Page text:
Carbon fiber bikes may become a whole lot cheaper with 3D-printed frames

A company backed by the CIA that calls itself Arevo is hoping to lead a revolution in manufacturing that uses 3D printing to build products in a more efficient and cost-effective manner. The Silicon Valley, California startup recently picked up £12.5 million in funding to help pursue this goal and has revealed an impressive proof-of-concept product to help demonstrate its capabilities. That product is a carbon fiber bike frame that could give us a glimpse of the future for the cycling industry.

According to Arevo, its bike frame is the first to be 3D printed using carbon fiber. The company uses 3D printer technology, paired with a custom-built robotic arm and web-based software, to create products made from proprietary raw materials. The robot arm is able to print out shapes in a single pass using a thermoplastic material that is melted into strands of carbon fiber that helps bind everything together.

The end result is a bike frame that costs about £300 to make, which is considerably less than what most bike manufacturers pay.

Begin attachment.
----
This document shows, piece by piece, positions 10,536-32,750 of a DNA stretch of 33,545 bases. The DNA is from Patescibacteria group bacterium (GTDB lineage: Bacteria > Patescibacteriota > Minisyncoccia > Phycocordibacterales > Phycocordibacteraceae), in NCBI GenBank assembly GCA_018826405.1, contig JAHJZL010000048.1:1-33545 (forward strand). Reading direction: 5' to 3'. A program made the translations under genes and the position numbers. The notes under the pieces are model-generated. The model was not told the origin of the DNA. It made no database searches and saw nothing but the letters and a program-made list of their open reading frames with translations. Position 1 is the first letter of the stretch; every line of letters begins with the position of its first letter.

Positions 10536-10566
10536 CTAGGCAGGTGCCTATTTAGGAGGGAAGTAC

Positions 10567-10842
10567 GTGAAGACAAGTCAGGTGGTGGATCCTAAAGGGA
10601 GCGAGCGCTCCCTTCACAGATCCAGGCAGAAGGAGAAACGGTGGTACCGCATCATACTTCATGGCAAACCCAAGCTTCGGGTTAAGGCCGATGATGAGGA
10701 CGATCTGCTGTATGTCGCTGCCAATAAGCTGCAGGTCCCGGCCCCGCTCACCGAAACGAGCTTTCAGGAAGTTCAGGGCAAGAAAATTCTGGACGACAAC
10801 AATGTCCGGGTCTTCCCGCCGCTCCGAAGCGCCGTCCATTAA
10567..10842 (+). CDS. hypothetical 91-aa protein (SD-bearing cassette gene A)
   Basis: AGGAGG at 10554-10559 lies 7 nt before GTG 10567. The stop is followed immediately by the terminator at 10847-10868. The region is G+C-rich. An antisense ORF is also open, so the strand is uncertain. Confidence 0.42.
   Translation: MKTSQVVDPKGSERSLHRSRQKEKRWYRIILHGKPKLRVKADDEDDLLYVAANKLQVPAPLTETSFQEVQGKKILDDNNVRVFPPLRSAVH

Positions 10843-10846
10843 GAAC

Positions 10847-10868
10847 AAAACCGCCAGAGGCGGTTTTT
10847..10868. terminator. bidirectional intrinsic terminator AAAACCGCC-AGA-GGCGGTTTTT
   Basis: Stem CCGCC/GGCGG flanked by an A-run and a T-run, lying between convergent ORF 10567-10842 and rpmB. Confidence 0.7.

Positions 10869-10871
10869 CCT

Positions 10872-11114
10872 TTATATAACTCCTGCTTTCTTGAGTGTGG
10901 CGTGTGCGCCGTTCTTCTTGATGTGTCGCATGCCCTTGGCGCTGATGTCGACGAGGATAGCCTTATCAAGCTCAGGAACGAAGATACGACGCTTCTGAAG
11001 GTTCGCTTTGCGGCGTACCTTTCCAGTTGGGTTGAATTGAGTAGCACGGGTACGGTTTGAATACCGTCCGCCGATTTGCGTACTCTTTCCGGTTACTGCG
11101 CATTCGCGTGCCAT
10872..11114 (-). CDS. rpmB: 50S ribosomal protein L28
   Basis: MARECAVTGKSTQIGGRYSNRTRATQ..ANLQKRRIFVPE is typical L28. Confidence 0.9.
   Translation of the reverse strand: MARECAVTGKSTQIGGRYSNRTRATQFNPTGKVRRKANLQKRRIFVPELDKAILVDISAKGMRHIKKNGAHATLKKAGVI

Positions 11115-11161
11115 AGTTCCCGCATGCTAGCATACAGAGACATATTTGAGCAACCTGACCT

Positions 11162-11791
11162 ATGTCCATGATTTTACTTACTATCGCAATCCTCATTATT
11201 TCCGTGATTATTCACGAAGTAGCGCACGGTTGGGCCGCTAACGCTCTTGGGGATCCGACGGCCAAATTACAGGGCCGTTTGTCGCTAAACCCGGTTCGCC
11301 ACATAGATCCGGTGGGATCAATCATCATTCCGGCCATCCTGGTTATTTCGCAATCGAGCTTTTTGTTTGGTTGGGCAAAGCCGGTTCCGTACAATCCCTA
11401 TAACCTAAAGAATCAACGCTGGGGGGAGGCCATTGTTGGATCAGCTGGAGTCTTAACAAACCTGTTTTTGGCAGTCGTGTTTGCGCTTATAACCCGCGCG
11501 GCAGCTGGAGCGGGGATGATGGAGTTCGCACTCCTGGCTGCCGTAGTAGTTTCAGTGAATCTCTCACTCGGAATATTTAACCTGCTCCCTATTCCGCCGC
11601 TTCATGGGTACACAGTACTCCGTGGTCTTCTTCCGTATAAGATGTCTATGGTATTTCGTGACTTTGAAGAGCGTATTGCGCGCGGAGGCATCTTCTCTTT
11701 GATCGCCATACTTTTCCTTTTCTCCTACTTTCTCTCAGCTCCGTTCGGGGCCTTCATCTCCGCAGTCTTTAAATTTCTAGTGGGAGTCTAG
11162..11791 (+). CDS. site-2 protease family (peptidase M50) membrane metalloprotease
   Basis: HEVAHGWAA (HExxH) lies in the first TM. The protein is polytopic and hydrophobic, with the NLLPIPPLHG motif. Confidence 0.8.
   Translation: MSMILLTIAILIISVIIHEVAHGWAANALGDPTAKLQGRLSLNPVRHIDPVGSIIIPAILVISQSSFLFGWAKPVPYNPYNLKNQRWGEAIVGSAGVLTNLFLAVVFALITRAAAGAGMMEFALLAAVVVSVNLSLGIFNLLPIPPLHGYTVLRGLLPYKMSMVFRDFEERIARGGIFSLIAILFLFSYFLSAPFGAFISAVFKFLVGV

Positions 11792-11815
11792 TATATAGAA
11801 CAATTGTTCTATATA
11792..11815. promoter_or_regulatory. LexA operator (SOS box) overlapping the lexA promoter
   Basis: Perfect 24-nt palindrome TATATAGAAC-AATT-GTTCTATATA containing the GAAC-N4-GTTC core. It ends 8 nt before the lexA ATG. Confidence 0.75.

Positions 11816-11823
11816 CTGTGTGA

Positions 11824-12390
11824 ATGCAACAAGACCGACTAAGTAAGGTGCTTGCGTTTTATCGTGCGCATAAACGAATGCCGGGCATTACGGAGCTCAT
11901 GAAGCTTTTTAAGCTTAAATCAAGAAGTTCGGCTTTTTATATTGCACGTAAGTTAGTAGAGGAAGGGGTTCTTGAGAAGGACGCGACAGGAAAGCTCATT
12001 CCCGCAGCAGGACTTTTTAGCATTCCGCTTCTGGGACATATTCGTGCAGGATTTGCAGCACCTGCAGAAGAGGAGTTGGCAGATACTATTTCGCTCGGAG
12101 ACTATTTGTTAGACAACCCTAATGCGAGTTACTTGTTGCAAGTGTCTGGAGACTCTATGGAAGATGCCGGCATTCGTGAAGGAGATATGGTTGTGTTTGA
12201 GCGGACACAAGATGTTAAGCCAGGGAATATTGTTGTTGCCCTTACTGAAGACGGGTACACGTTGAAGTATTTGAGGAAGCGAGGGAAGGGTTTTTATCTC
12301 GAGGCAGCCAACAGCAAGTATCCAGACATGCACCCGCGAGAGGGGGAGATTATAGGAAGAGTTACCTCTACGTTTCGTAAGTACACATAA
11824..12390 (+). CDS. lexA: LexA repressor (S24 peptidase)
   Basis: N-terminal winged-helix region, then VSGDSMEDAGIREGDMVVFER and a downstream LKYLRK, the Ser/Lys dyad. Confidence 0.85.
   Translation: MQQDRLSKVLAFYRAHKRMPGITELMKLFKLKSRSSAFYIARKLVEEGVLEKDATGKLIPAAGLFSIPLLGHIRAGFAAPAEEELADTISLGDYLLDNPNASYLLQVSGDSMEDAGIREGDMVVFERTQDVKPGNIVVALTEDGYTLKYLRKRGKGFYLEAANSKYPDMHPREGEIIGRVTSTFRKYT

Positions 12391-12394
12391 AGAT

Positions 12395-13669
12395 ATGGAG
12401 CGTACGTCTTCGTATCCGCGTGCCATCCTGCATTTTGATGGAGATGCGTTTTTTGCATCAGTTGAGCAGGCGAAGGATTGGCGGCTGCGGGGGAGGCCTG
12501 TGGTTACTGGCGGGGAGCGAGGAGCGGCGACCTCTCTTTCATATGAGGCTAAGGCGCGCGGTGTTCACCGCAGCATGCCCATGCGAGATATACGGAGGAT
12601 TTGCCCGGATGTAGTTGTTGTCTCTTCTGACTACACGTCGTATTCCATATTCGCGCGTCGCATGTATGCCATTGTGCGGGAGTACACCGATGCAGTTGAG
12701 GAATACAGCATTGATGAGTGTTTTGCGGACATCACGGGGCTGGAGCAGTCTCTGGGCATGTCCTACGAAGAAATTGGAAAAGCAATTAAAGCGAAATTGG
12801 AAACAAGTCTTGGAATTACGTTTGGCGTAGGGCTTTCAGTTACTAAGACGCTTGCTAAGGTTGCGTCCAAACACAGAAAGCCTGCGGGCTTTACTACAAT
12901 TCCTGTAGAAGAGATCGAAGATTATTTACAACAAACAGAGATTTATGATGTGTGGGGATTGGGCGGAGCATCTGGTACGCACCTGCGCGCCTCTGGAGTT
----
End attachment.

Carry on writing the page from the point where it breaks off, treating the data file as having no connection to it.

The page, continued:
When most cycling companies set out to create a new carbon fiber frame for their latest bicycles, they must first create a mold of what the frame will look like. That mold typically costs between £60,000 and £100,000 depending on a number of variables. Once that mold is built, workers fill the mold with individual layers of carbon fiber, which are combined with resin, into it.

The mold is then placed in an industrial oven to bake the resin into the carbon to bind everything together. The entire process takes a great deal of time and is fairly labor intensive, making a carbon fiber bike frame very lightweight, but expensive. Arevo, which was initially funded by In-Q-Tel, a nonprofit venture capital firm backed by the CIA, says that it can scale up its manufacturing process for use in a number of different projects.

While the carbon fiber bike frame is an indication of what the company’s hardware and software are capable of, it can also reportedly build products as large as the fuselage of an aircraft.

It can also 3D print parts for space vehicles and other complex machines, too.

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